A Special Report on Bird Population Trends and Conservation Status in the Republic of Korea
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The Aichi Biodiversity Targets (the “Aichi Targets”) provide important targets and deadlines for conservation action within the present decade. Meeting these targets requires an understanding of the present status of biodiversity at the national and global level. Bird species and their habitats are an important component of the biodiversity of the Republic of Korea (ROK). However, in the ROK, as in many parts of East Asia, there has been only a short history of bird survey and monitoring. Easily accessible information on national and regional population trends of many species is lacking, and several recent assessments of species and their habitats lack adequate detail, contain inconsistencies or are presented in ways that limit their usefulness.
Birds Korea therefore conducted research (including extensive literature review, fieldwork and analysis) to identify bird population trends in the ROK over two overlapping time-scales, historical (1910-1999) and recent (1990-2014). Using a range of published and unpublished materials, we assessed the status and population trends of all of the nation’s 365 regularly-occurring bird species, and identified historical or recent population trends in 258 species. We found (substantial) historical declines in 120 species and recent decrease in 103 species. A total of 44 species decreased during both time-periods and an additional five regularly occurring species were found to be lost to the national avifauna since 1910. One of these species is now presumed to be extinct globally. One endemic subspecies also became extinct during the Twentieth Century. During the same time-frames, there was historical increase in 61 species and recent increase detected in 77 species, including in four Globally Threatened species and three recent colonists.
To improve accessibility and ease of understanding of these changes in population and national status, we divided all 365 species into four major categories, including a Red List (Highest Priority species) and an Amber List (High Priority Species). These categories and the criteria for them follow an approach used successfully outside of the region. Species with estimated declines of >50% since 1990 and / or which are Globally Threatened and / or which meet other clearly-defined criteria were placed on the Red List (n=53) and those which are globally Near Threatened and / or which have declined between 25% and 49% since 1990 and / or which meet other specific criteria were placed on the Amber List (n=73). The majority of Red-Listed (60%) and a substantial proportion (43%) of Amber-Listed species are waterbirds (as defined by the Ramsar Convention). The need for improved conservation of intertidal and freshwater wetland is clearly identified through this process.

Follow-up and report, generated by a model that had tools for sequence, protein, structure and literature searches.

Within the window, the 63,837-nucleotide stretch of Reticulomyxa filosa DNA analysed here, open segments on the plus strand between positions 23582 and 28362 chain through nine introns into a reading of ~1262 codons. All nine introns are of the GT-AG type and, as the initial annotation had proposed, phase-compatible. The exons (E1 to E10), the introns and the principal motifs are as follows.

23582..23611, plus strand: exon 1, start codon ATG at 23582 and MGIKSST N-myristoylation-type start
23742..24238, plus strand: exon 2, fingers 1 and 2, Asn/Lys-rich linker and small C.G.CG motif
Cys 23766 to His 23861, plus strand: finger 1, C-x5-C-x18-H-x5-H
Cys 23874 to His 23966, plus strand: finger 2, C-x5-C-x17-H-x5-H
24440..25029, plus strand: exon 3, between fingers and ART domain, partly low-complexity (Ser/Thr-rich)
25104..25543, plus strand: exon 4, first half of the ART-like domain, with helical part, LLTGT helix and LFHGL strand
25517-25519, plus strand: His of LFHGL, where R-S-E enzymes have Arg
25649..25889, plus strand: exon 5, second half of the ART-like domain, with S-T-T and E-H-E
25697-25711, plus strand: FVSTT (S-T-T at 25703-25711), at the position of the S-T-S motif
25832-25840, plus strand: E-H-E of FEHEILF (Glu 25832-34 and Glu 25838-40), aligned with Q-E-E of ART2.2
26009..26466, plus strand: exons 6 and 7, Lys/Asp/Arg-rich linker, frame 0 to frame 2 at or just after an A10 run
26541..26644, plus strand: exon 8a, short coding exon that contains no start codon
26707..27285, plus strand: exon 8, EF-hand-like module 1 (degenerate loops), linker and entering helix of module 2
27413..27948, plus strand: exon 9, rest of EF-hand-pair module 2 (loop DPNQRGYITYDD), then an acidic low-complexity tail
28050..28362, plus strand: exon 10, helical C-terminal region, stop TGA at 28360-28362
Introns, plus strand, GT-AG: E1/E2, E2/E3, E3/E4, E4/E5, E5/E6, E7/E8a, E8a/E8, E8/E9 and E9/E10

The information and data on birds in the ROK are not yet as robust as those gathered through large-scale monitoring programs that have already been conducted for several decades in some other regions. Our assessments are also not at present endorsed by bodies in the ROK responsible for developing the formal national Red List in accordance with IUCN criteria. However, these initial assessments can be revised at regular intervals, to improve their accuracy and to help assess progress; and the accompanying information and recommendations in this report can also be used to help build scientific consensus and public awareness. In consideration of existing conservation obligations and time-frames, and in light of the precautionary principle, we therefore believe that presentation of best information in this way should be of great value to researchers and decision-makers in their efforts to fulfill national and regional conservation obligations including the Aichi Targets by 2020.